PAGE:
Candidate: Rhiannon Lee Lohr
Title: Phase Retrieval Methods for Polychromatic Propagation-Based Phase-Contrast X-ray Imaging
Date: July 9, 2019
Place: EIT 3145
Supervisor(s): Karim, Karim S.
X-ray imaging, based on conventional attenuation methods, is employed in various industrial, medical and scientific imaging application. Phase-contrast X-ray imaging is an emerging modality that has shown promise to image and characterize weakly absorbing objects, such as three-dimensional printed plastics and imaging breast tissue. Propagation-based phase-contrast X-ray imaging is the simplest of the existing phase-contrast methods as it does not require any additional optics and can easily be integrated into current X-ray systems that utilize polychromatic X-ray sources. This novel imaging technique requires post-image processing using an algorithm called phase retrieval to extract phase information from the measured intensity.
Although propagation-based phase-contrast X-ray imaging offers the simplest setup, it possesses the most mathematically intensive methods to retrieve the phase. Phase retrieval is a nonlinear inverse technique used to estimate the phase shift, thickness or electron density throughout an image. Many of these phase retrieval methods have been developed assuming a monochromatic source, although can be extended to a polychromatic source.
This work compares seven phase retrieval methods under various conditions in the presence of a polychromatic source in simulation of different objects and materials. Six of these phase retrieval methods are single-shot algorithms that require only one phase-contrast image; whereas one method is iterative and requires an absorption and phase-contrast image. Each method is derived under different assumptions, but all should produce the same result of retrieved phase shift, thickness or electron density.
Overall, Paganin's method performed the best under all test cases and was further applied to experimental data.
Polytetrafluoroethylene, varying in thickness and shape, was imaged using a polychromatic source under numerous conditions and Paganin's method was applied to determine its limitations. In general, Paganin's method resulted in a high relative error in experiment, which is not what was seen in simulation. From these results and analysis, sources of error were determined to arise from the detector, the object and/or the spectrum.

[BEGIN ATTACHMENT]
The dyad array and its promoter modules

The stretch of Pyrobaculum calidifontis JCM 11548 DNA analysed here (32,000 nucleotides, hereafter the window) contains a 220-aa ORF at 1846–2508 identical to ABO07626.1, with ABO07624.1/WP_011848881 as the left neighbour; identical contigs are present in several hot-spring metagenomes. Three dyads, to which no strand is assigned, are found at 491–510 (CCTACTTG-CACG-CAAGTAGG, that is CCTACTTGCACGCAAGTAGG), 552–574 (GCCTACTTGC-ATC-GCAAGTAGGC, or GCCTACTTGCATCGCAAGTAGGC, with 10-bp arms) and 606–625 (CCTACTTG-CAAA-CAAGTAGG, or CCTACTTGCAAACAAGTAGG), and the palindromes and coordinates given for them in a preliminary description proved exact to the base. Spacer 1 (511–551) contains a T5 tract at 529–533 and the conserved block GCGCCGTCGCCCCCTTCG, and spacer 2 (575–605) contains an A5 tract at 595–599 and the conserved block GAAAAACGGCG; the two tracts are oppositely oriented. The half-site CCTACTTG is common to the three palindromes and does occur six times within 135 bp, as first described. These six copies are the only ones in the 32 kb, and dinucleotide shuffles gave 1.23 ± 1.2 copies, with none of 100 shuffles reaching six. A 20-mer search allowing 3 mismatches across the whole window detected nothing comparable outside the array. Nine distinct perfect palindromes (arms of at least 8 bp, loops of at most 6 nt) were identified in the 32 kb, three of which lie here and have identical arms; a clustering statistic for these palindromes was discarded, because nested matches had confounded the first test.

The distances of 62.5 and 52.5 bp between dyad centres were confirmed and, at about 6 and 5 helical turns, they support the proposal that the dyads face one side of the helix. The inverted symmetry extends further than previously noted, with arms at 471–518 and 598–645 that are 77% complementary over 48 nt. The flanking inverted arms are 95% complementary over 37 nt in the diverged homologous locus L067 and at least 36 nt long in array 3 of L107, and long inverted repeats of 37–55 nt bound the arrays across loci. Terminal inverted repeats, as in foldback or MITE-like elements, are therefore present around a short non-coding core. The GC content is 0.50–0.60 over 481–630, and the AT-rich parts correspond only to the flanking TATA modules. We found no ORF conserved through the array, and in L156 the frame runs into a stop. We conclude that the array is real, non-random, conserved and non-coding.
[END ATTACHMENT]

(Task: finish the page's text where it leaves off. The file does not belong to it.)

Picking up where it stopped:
Isolating the source of error is difficult to accomplish in experiment because it is hard to eliminate certain variables completely. For this reason, further analysis on the sources of error were accomplished in simulation. The effect of material parameters was investigated using different spectrums, source-to-object distances and object-to-detector distances. This research suggests that Paganin's method is highly material dependent and what is considered sufficiently thin for one material may not apply to another material. Generally, a filtered spectrum using 2 mm of aluminum gives the lowest relative error for all materials. Also, the trend between the retrieved thickness and the measured thickness of the object is observed to be polynomial when the object thickness exceeds 100 $\mu$m.
Further analysis shows that the polychromatic spectrum needs to be well calibrated to give accurate phase or thickness results and using different X-ray sources can affect the error produced by Paganin's method. Paganin's method uses Fourier filtering that allows it to increase the signal-to-noise ratio in an image and, thus, makes the algorithm resilient to noise.
This research suggests that although Paganin's method is one of the best phase retrieval methods derived to date, it has its limitations that include imaging thick materials; therefore it may not be the best-suited for industrial imaging where thick plastic objects are imaged for defects. Another limitation of this method is that it is unable to retrieve the thickness of high-density, high-atomic number materials. Finally, it appears that the spectrum utilized in imaging needs to be well characterized and calibrated for Paganin's method to work.
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